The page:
Thursday. 20/12/2018

The Monocle Minute

Image: Getty Images

Geopolitics

Friend or foe?

The leaders of Iran and Turkey are attempting to forge closer relations – but differing views about Syria’s war might hinder their progress.

Iranian president Hassan Rouhani touches down in Ankara today for bilateral talks with Turkish leader Recep Tayyip Erdogan. Under pressure from US sanctions, Iran is trying to shore up its trade partners: the leaders are expected to discuss a plan to increase the annual trade volume between the two countries to $30bn per year (it currently stands at about $10bn). More challenging still will be discussions about the war in Syria. Iran – along with Russia – is a key ally of Syrian despot Bashar al-Assad, while Turkey has supported opposition groups in recent years. Though the two countries have different views on aspects of the conflict in Syria, they might find some common ground over their shared disdain for the US.

Image: Getty Images

Transport

Slow progress

Commuters travelling through Tokyo Station will be asked to stand still on the usually chaotic escalators.

Escalators in Japanese cities are fraught with danger: commuters rush up and down them with startling recklessness and minor injuries are not uncommon. The rules on which side is reserved for walking differ depending on whether you’re in the east or the west of the country. In an attempt to end the disorder, a new edict is being trialled at Tokyo Station: stand still on escalators. From this week, until 1 February, rail operator JR East will use large signs and messages on handrails (newly painted in pink) to encourage commuters to stay put; megaphone-armed staff will also be present to shout the phrase “Don’t walk!” around the station. While the measures could make commuting safer, they aren’t likely to do much for the anxiety of commuters struggling to get to work on time.

Infrastructure

Man of steel

It might not have been the most dazzling design but Renzo Piano’s practical bridge plan is exactly what Genoa needs right now.

Four months after the collapse of the Ponte Morandi that killed 43 people, Genoa – which has been struggling to cope without this vital motorway link – received some good news. The special commission that was set up after the disaster, amid a national outcry, announced on Tuesday that a consortium called PerGenova (For Genoa) will build a new bridge, designed by Genoese starchitect Renzo Piano. Crucially this will happen by December 2019, according to commissioner Marco Bucci. Piano’s plan, which sees a 1,100-metre-long steel structure traverse the Polcevera valley with some 19 slender concrete supports, is considerably less spectacular than that submitted by Valencian Santiago Calatrava and represents pragmatism and value for money. The €230m construction will begin in March, even before the old bridge has been fully demolished.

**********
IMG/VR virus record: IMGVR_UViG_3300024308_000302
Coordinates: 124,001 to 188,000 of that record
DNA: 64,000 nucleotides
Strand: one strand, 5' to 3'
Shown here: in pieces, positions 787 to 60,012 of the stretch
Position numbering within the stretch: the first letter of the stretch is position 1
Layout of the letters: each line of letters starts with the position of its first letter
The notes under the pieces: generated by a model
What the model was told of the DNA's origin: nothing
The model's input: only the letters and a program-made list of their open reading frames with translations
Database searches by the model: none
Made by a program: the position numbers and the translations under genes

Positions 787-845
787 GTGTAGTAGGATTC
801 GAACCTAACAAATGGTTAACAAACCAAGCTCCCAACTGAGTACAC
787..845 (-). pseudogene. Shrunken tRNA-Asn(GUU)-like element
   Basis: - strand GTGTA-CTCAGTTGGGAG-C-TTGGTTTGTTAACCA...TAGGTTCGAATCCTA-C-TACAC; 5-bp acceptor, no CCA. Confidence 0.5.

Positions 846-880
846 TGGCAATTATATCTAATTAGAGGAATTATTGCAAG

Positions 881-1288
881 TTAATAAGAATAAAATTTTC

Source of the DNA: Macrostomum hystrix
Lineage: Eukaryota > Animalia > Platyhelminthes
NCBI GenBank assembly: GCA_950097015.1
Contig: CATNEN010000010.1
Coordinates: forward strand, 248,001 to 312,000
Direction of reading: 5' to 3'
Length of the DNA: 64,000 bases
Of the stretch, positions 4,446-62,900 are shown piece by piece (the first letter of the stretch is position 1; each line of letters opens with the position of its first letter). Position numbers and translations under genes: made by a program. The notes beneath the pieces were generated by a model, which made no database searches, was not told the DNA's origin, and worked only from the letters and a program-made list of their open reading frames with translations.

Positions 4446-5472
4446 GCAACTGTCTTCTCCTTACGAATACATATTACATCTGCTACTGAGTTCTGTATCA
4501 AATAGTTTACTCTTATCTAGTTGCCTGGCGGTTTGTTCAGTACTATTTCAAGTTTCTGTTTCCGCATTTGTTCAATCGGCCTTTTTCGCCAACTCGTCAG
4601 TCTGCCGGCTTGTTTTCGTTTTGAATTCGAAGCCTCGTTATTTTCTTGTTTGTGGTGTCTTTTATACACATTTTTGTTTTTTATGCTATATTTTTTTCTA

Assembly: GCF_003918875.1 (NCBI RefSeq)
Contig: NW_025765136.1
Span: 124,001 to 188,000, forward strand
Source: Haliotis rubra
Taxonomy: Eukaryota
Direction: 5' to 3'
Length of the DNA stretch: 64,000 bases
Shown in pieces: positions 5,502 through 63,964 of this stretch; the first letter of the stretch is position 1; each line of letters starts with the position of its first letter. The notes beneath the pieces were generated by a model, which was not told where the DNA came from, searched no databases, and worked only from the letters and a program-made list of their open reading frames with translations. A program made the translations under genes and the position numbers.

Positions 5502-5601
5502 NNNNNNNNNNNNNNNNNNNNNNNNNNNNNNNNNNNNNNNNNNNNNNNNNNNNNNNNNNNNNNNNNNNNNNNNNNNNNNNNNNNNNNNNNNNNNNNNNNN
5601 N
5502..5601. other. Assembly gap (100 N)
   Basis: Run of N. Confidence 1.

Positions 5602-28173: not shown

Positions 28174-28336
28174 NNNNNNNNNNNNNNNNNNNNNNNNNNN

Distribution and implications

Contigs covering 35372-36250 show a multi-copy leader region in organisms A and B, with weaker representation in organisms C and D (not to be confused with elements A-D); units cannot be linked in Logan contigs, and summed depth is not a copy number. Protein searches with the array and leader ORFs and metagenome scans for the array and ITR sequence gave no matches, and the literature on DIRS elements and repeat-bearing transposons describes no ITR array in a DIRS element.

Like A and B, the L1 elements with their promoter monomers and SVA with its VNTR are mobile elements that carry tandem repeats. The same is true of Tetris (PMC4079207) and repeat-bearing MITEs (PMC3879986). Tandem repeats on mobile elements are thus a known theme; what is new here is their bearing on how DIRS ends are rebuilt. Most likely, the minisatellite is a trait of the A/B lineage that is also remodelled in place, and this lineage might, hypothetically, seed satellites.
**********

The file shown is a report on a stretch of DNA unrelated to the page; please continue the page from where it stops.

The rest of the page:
Image: Reuters

Aviation

Blue skies ahead?

Canada is keen to make air travel a smoother ride for all concerned.

A vast and sparsely populated land mass means air travel in Canada is expensive and tiresome – but the country is looking to make the experience a little less turbulent. The government recently revealed a first draft of its air passenger bill of rights; if it passes, travellers would be compensated generously for lost bags and delayed flights. Passengers unable to board overbooked planes, for instance, could receive up to CA$2,400 (€1,550) for a nine-hour delay, while the bill also aims to improve transparency and communication between airlines and customers. While Canadian air travel isn’t getting any cheaper – and it’s likely that the new regulations will tack a few dollars onto ticket prices – it’s high time the country put its passengers first.

The Internet of Things

Monocle on Design

We ask how technology and connectedness are changing product design and transforming everything from homes to our cities. Guests include Kohler’s Mark Bickerstaffe, Ron Bakker of PLP Architecture and Sean Affleck of Make Architects.

Celebrating fashion in Oslo

After lagging behind its design-minded neighbours, the Norwegian fashion industry has finally moved out of its comfort zone and stepped up its game. We meet Oslo’s most promising fashion houses and see how they are being taken seriously on the international stage.

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